With so much talk around the rise of automation and artificial intelligence, it’s easy to picture an army of Terminator-style bots in a workplace war. Throw in the number of different research reports claiming the ‘rise of the robots’ will drive unemployment, and it’s no surprise we’re worried about safeguarding jobs against our mechanic counterparts.
The not so glamourous reality is that robots are in fact just data driven pieces of software, programmed to do exactly what we tell them. The other reality is robots aren’t going to steal our jobs, but actually take away the tedious, manual tasks that we’d rather not spend our time doing anyway!
Recently, the Chief Executive of Siemens UK, Juergen Maier, claimed the likes of robotics, additive manufacturing and AI will deliver better productivity and higher paid jobs, and he’s right. By using technology to automate repetitive jobs, we’re free to do all of the strategic activities that drive the bottom line.
Rather than waste time doing exactly the same tasks day in, day out, employees can focus on areas of the business that require something robotics can’t offer – the human touch. Whether it’s thinking up creative ideas, building relationships or even back-to-basics customer service, these are the things that will drive real value to the business. By eliminating some, or even all, of the boring back office processes, businesses can consider where employee strengths lie and make sure they’re being used in the right way.
For those claiming certain jobs and professions will be influenced by robotics – you’re not wrong, but that still doesn’t mean in five years’ time an I, Robot look alike is going to be handing you a P45. What it actually means is people’s roles will change, making it possible to completely re-invent the ‘ideal workplace’. While some jobs will likely become automated, others will be created.
Remember the industrial revolution? The uproar around job losses due to developments in technology isn’t a new phase, but a misunderstood one. In the end, not only did productivity rise, but also massive opportunities for jobs were generated all across the UK. We have a love-hate relationship with tech in the workplace – when it’s assisting us, it’s seen as a friend, and when it could replace us it’s seen as foe. However, it’s important to remember that its technology that drives the economy forward, and produces innovations like driverless cars and virtual assistants.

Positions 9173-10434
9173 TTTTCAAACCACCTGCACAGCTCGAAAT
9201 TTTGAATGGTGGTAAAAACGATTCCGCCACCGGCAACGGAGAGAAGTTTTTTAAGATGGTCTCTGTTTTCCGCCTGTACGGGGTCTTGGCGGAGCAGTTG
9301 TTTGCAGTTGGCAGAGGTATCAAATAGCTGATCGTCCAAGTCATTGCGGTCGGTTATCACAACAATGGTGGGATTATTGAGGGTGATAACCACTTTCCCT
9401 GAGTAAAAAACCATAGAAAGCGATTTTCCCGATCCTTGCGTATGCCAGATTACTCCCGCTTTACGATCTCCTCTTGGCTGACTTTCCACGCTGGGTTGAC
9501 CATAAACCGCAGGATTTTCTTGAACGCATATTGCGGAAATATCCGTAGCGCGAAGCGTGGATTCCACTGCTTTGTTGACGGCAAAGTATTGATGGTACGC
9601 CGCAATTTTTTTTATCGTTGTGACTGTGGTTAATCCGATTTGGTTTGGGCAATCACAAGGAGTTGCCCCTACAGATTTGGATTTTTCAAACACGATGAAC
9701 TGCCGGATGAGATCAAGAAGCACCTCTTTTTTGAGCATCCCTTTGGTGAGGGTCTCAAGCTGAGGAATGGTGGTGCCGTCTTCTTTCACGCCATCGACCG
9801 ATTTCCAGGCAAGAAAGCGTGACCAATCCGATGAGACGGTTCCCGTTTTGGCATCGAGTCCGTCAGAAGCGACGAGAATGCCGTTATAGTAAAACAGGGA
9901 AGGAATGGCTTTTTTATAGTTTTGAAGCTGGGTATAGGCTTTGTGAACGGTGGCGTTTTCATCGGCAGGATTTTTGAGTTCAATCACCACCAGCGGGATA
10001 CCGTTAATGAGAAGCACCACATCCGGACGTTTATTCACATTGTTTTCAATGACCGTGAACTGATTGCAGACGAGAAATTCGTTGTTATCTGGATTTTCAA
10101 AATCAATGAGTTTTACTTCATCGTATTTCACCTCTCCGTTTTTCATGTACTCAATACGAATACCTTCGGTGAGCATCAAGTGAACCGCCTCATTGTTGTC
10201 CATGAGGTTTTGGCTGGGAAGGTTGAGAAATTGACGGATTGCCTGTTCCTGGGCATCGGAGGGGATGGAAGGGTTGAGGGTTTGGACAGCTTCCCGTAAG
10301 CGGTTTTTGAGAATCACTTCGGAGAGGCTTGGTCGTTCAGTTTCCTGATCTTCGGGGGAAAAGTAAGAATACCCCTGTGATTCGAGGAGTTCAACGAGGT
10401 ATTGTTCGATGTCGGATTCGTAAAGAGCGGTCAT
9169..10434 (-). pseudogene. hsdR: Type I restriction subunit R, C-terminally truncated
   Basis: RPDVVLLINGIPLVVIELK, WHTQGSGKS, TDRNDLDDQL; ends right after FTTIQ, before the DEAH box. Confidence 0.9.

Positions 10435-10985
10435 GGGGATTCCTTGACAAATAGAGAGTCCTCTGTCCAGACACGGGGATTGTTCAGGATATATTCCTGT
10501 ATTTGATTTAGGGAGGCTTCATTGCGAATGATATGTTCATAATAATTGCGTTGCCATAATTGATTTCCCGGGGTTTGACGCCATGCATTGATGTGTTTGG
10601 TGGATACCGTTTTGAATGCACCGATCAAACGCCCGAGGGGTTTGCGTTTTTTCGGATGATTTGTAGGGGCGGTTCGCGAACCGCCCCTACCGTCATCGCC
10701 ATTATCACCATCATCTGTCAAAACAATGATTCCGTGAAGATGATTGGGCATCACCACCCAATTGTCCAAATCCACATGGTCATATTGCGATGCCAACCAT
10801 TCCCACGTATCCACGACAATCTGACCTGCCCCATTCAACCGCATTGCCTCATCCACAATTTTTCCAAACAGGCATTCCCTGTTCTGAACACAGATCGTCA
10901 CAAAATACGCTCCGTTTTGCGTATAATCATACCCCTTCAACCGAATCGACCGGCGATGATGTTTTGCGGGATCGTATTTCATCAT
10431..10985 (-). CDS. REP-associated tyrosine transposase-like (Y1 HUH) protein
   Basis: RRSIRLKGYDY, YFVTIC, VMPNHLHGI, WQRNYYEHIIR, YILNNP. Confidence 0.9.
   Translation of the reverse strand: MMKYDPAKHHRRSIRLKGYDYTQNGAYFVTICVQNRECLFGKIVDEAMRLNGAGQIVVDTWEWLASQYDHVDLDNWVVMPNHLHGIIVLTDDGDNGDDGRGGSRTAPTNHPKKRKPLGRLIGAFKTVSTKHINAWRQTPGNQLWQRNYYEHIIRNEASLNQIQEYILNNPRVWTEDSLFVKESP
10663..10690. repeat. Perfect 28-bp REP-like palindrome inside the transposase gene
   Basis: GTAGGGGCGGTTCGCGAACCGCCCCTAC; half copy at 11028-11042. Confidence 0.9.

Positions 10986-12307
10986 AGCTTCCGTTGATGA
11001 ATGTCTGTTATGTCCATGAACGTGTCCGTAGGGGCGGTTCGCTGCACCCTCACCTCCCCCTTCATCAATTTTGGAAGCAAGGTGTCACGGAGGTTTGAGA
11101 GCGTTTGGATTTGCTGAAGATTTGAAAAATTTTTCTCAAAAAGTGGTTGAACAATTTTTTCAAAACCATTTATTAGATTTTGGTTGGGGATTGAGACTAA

With or without the rise of the robots, employment rates will continue to change. Robotics is just another technology that will change the way we work, but as long as we remain fixated on the idea that robots will replace us, the true potential of the technology will continue to be overlooked. It’s not a case of every business across the UK simply swapping their human employees for a mass of machines, but about finding the right balance between the two.
There are a number of factors ahead of us that will influence how businesses work, and what that means for employees including next month’s General Election, and the wider roll-out of Brexit, but for now, it’s business as usual. The robotic revolution has arrived and it’s very much here to stay, bringing greater levels of productivity and driving businesses into the 21st Century. The only question is, how likely are we to see Arnie in the manufacturing line?
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